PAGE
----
Employees who are more engaged in their work meet better performance outcomes and generate greater revenue for the business. Employee engagement leads to more motivated workers and learners, enabling them not only to perform their roles better, but retain and apply training better. It also means employees enjoy their work and workplace, and will be less likely seek new employment opportunities, lowering turnover costs.
You can improve engagement by:
- Offering development opportunities
- Providing reasonable compensation and benefits
- Taking on and valuing the input of employees in decision-making and day-today operations
- Create a positive work environment and culture
- Provide challenging work.
Recruiting a new hire costs up to $4,000 on average in US companies. That, plus lost productivity in the interim before your new hire is onboarded and brought up to speed impacts your profitability, so you should focus on improving retention to reduce rising labour costs as a result of turnover. There are a few best practice strategies you can use to increase retention among employees.
- Provide training and development. 94% of employees say they would stay with their company longer if the employer invested in their professional development and training.
- Offer competitive compensation and benefits. This reduces the frequency of employees looking to switch jobs for better opportunities.
- Improve onboarding to reduce time to proficiency (and therefore, time to productivity). This increases the quality of employees’ work performance and reduces turnover of new hires.
- Involve employees in decision-making. When employees understand business strategy, vision, and have a say in decisions being made, they feel valued in the company and are more likely to remain in their position.
Regularly monitor and adjust labour costs
Evaluating direct labour costs like employee benefits and compensation as well as your indirect labour costs ensures that you’re operating on a similar level to the rest of the industry.
Perhaps your total cost of labour to revenue is small compared to competitors. That could mean your workforce is incredibly efficient, or it could mean that your employees aren’t receiving a suitable amount of compensation for their work, which can lead to job dissatisfaction and further decreases in productivity. Regularly reviewing your costs in terms of labour allows you to create a healthy environment for the business and its workforce.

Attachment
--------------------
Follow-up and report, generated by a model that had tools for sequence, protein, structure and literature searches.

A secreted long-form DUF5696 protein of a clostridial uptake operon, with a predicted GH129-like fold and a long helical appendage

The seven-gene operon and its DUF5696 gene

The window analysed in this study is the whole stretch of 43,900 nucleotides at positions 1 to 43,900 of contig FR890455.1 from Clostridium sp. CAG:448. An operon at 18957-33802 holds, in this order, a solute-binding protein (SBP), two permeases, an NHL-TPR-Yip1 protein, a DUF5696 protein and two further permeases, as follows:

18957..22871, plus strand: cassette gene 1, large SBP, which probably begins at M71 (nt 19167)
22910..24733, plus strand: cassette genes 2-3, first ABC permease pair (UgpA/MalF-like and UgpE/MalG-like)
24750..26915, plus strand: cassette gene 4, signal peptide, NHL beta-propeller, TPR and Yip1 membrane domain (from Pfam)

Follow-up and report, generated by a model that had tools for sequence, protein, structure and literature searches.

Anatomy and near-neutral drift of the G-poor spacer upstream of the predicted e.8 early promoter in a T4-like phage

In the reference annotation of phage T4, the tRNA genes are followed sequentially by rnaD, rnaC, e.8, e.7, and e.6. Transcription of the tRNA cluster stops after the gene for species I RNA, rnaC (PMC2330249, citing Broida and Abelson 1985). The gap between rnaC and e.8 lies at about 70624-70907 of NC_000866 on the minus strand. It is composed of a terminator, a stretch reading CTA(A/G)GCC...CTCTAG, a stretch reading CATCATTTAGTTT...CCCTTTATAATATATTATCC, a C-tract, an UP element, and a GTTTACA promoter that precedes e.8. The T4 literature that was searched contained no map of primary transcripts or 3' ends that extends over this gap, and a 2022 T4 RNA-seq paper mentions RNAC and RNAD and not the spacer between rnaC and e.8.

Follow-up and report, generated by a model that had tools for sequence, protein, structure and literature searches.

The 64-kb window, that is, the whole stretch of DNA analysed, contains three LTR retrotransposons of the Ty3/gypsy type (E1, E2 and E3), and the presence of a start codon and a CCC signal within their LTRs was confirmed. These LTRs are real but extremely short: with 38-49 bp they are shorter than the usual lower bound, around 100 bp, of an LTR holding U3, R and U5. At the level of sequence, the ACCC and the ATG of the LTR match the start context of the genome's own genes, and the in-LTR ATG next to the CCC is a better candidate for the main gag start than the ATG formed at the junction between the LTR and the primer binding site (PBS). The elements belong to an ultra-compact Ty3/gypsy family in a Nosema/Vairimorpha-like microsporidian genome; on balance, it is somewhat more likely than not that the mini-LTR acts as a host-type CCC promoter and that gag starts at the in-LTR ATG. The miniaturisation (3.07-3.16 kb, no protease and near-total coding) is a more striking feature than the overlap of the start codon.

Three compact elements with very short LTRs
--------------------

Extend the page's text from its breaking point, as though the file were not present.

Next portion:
Set goals and track key performance
So how do you know if your employees are operating efficiently? You set goals, of course! These will be tangible, measurable goals that will indicate whether employees (and, by extension, the business) are meeting performance expectations. You can use key performance indicators (KPIs) to track performance, which will help you determine whether your labour to revenue costs are sustainable.
Just remember to continuously track performance over time. This way, you’ll be able to see patterns and trends in your business’s labour costs, which can indicate further pain points that need addressing, or a better labour to revenue ratio due to your improvement efforts.
Identify areas of inefficiency
This involves looking at other metrics. Is your turnover rate too high driving up recruitment costs, and is that turnover voluntary or involuntary? These metrics can tell you where the inefficiencies that need to be addressed actually are, allowing you to come up with targeted plans to solve them.
Labour to revenue ratio is a starting metric, used as a jumping-off point to understand the how efficient your workforce is. When used in tandem with other metrics to identify the underlying causes of productivity, you’ll be able to improve your business and its performance for the future.
By implementing the best practice strategies we’ve talked about, you’ll see an improved labour to revenue ratio in your organisation. That’s strategies including:
- Invest in training and development
- Streamline and automate processes
- Build employee engagement
- Improve retention
- Regularly monitor and adjust labour costs
- Set goals and track performance
- Identify areas of inefficiency.